Core and Periphery in the World Economy: An Empirical Assessment of the Dependence of Third World Growth on the Developed Countries

SIUC Paper #96-09

Posted: 1 Sep 1999

See all articles by Julius Horvath

Julius Horvath

Central European University (CEU) - Department of Economics

Richard Grabowski

Southern Illinois University - Southern Illinois University at Carbondale

Date Written: Undated

Abstract

This paper classifies the relationship between the developed and developing countries into three categories: strong dependency, weak dependency and independence of the developing country on the developed world (G-7). A country is characterized as strongly (weakly) dependent when it has a negative (positive) response to permanent shocks originating from the center and the weight of these shocks is relatively important in explaining total variation in the output of the developing country. Independence is characterized with low weight of shocks from the center. The results of a dynamic vector autoregressive model suggest that from the sample of 86 developed countries only five of them could be considered strongly dependent, while the others are roughly divided equally into weakly dependent and independent.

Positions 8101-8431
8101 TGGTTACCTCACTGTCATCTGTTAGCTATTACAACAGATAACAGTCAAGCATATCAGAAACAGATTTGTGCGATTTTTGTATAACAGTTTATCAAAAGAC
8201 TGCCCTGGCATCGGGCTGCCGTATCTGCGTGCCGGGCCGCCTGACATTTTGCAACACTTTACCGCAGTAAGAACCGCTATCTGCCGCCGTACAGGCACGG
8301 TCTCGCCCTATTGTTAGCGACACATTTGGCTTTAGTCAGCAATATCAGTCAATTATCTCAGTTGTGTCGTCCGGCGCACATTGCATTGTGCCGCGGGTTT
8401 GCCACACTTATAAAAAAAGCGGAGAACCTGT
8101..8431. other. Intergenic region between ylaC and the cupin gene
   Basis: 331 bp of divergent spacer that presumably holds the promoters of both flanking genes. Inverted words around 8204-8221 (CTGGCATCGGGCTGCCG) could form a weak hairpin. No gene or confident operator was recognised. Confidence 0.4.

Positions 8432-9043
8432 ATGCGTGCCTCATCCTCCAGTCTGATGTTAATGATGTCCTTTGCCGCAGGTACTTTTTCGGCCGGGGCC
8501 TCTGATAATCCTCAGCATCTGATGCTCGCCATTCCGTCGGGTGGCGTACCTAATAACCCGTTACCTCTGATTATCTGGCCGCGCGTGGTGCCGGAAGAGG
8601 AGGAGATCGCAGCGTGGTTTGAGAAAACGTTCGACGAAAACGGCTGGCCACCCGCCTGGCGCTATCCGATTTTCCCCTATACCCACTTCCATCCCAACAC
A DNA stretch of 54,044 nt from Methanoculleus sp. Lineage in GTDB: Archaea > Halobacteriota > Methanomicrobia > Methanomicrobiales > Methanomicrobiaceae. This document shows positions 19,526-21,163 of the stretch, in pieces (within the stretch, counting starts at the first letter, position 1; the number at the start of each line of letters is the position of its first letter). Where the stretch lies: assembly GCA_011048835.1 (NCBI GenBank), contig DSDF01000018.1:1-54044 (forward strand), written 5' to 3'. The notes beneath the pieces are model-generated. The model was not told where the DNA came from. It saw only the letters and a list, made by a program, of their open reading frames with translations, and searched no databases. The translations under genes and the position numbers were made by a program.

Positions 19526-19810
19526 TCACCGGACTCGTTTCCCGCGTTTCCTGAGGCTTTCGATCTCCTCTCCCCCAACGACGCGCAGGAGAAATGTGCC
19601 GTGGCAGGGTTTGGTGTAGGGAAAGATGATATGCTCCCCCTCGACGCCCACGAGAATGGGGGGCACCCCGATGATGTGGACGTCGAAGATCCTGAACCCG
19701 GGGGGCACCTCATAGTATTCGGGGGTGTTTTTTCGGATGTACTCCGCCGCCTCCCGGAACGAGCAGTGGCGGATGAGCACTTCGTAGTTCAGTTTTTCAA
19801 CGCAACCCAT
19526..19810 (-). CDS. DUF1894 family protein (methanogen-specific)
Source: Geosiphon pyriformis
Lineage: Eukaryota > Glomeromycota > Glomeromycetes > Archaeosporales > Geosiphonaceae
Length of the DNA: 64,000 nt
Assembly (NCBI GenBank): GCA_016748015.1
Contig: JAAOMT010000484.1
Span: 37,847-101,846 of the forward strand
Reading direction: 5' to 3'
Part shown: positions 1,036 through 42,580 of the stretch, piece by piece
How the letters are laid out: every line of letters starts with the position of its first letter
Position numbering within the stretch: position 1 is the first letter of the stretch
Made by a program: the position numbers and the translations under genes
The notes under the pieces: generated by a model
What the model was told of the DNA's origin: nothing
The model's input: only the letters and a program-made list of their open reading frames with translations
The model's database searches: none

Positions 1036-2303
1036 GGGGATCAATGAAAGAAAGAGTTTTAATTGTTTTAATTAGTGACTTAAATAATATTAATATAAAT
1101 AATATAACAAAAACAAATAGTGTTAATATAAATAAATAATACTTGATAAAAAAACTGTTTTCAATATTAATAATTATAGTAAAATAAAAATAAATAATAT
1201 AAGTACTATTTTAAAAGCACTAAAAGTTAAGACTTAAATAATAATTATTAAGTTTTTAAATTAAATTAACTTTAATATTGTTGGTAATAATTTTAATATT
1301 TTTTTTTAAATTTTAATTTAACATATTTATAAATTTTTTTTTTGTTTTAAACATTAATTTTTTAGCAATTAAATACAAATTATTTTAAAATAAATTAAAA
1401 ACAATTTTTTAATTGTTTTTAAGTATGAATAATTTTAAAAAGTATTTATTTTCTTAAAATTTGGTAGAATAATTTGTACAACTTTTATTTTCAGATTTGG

JEL Classification: F02, F43, O50, E11

Suggested Citation

Horvath, Julius and Grabowski, Richard L., Core and Periphery in the World Economy: An Empirical Assessment of the Dependence of Third World Growth on the Developed Countries (Undated). SIUC Paper #96-09, Available at SSRN: https://ssrn.com/abstract=5047

Julius Horvath (Contact Author)

Central European University (CEU) - Department of Economics ( email )

Nador u. 9.
Budapest H-1051
Hungary
36-1-327-3248 (Phone)
36-1-327-3243 (Fax)

Richard L. Grabowski

Southern Illinois University - Southern Illinois University at Carbondale ( email )

Rehn Hall - Mail Code 4626
Carbondale, IL 62901-4515
United States

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